"I do not let my challenges define who I am:" Dream Award Scholar Jamisen Moore - Scholarship America

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“I do not let my challenges define who I am:” Dream Award Scholar Jamisen Moore

By Scholarship America

By Joan Cronson

Jamisen Moore’s interest in understanding the diversity of people and culture, and her desire to help others get quality healthcare, is rooted in her experience starting life as an orphan in China. Diagnosed with epilepsy at a very young age, she lived the first year of her life in a large orphanage that was poorly equipped to handle seizures and other effects of the disorder.

Fortunately, when she was just one year old, Jamisen was adopted by a recently widowed American woman—a health researcher who’d begun the adoption process with her late spouse. As she grew up in Durham, North Carolina, Jamisen spent plenty of time in hospitals, and she grew to enjoy observing and talking with doctors and other medical personnel. Her experience, along with her mother’s career, piqued her interest in studying health care.

“I was constantly asking questions about medical procedures and began to imagine myself as a doctor,” she said.

This interest in medicine helped Jamisen find some measure of focus—something she didn’t always have as a student.

“Growing up in the U.S. as a Chinese kid with a Caucasian, widowed, single parent, I always felt I was a bit different,” said Jamisen. “Besides dealing with epilepsy, I was diagnosed with attention-deficit/hyperactivity disorder (ADHD), which sometimes makes it hard from me to focus, complete tasks, prioritize projects and manage my time.”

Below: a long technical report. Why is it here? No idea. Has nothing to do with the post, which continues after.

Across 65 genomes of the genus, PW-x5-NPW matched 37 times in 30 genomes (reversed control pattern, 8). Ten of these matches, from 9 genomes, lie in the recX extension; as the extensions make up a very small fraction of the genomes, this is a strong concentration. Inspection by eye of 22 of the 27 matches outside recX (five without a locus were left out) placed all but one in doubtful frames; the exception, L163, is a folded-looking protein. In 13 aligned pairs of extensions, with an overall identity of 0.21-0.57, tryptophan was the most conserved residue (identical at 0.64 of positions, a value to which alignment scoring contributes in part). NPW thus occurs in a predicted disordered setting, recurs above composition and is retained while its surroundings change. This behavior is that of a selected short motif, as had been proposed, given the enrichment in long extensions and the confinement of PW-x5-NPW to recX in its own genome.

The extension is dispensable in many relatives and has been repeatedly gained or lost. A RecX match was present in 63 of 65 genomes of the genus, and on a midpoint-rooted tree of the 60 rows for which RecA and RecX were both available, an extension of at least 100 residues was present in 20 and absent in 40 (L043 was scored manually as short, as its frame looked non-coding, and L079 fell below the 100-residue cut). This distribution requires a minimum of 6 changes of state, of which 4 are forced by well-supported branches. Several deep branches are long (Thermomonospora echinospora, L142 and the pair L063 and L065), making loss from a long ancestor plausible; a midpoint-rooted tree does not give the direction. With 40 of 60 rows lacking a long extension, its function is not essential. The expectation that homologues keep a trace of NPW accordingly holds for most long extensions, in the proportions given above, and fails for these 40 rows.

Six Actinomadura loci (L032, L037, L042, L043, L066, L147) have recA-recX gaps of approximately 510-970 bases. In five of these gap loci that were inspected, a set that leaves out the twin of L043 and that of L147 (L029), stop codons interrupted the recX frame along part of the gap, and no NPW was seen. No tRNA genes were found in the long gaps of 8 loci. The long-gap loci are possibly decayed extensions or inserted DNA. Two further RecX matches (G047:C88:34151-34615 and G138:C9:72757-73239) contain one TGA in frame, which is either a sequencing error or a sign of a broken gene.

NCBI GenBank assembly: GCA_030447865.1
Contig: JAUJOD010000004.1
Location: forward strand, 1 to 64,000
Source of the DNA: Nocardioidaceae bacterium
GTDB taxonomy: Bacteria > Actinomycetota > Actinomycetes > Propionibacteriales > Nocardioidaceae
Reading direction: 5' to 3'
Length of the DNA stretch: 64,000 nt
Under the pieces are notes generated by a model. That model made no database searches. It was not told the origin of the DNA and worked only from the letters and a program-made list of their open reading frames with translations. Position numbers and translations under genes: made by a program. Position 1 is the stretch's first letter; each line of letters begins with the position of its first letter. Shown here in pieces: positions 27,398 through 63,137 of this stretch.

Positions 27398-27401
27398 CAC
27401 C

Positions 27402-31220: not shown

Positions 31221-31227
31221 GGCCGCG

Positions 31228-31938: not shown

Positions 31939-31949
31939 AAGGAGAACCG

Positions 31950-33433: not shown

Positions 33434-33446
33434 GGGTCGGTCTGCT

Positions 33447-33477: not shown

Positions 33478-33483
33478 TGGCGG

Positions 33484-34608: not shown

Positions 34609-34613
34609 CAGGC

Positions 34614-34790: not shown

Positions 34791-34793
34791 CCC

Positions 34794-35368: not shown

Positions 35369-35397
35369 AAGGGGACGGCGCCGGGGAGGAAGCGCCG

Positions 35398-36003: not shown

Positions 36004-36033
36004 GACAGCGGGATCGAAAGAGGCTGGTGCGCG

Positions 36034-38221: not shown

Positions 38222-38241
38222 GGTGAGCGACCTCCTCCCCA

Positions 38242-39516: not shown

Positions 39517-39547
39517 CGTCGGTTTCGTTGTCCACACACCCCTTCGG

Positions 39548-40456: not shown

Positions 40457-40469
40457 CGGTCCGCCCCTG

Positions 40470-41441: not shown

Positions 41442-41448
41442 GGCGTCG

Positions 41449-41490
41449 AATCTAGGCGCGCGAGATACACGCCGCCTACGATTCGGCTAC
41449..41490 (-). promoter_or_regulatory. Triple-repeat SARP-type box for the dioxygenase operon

She attended the Durham School of the Arts – College Prep for high school, and at age 16, went through surgery to remove damaged brain tissue and alleviate her seizures. While it helped her symptoms, the experience was emotionally and financially challenging for her and her family.

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“I was sometimes bullied by students and a teacher who did not understand ADHD, epilepsy, or the initial impact of the brain surgery,” she explained. “I was once told by a principal that I did not belong in public school because of my disabilities, even though I was an honors student and well-liked by my teachers. A few of my teachers became friends and mentors.”

Thanks to those teachers who saw her potential and encouraged her along the way, Jamisen worked hard on her academics. She won the school’s Excellence Award for English Literature and Writing. She was a volunteer editor for the school Publishing Club and became a published author, and was a volunteer tutor and advocate for students with disabilities.

After her brain surgery, she needed time to recover. Taking a gap year, she regained strength, tutored students in STEM subjects and conducted lab experiments. She also became a dedicated activist, advocating for human rights through social media, marches, organizing and presenting at Chinese and other Asian events on campus, as well as working for the LGBTQ community.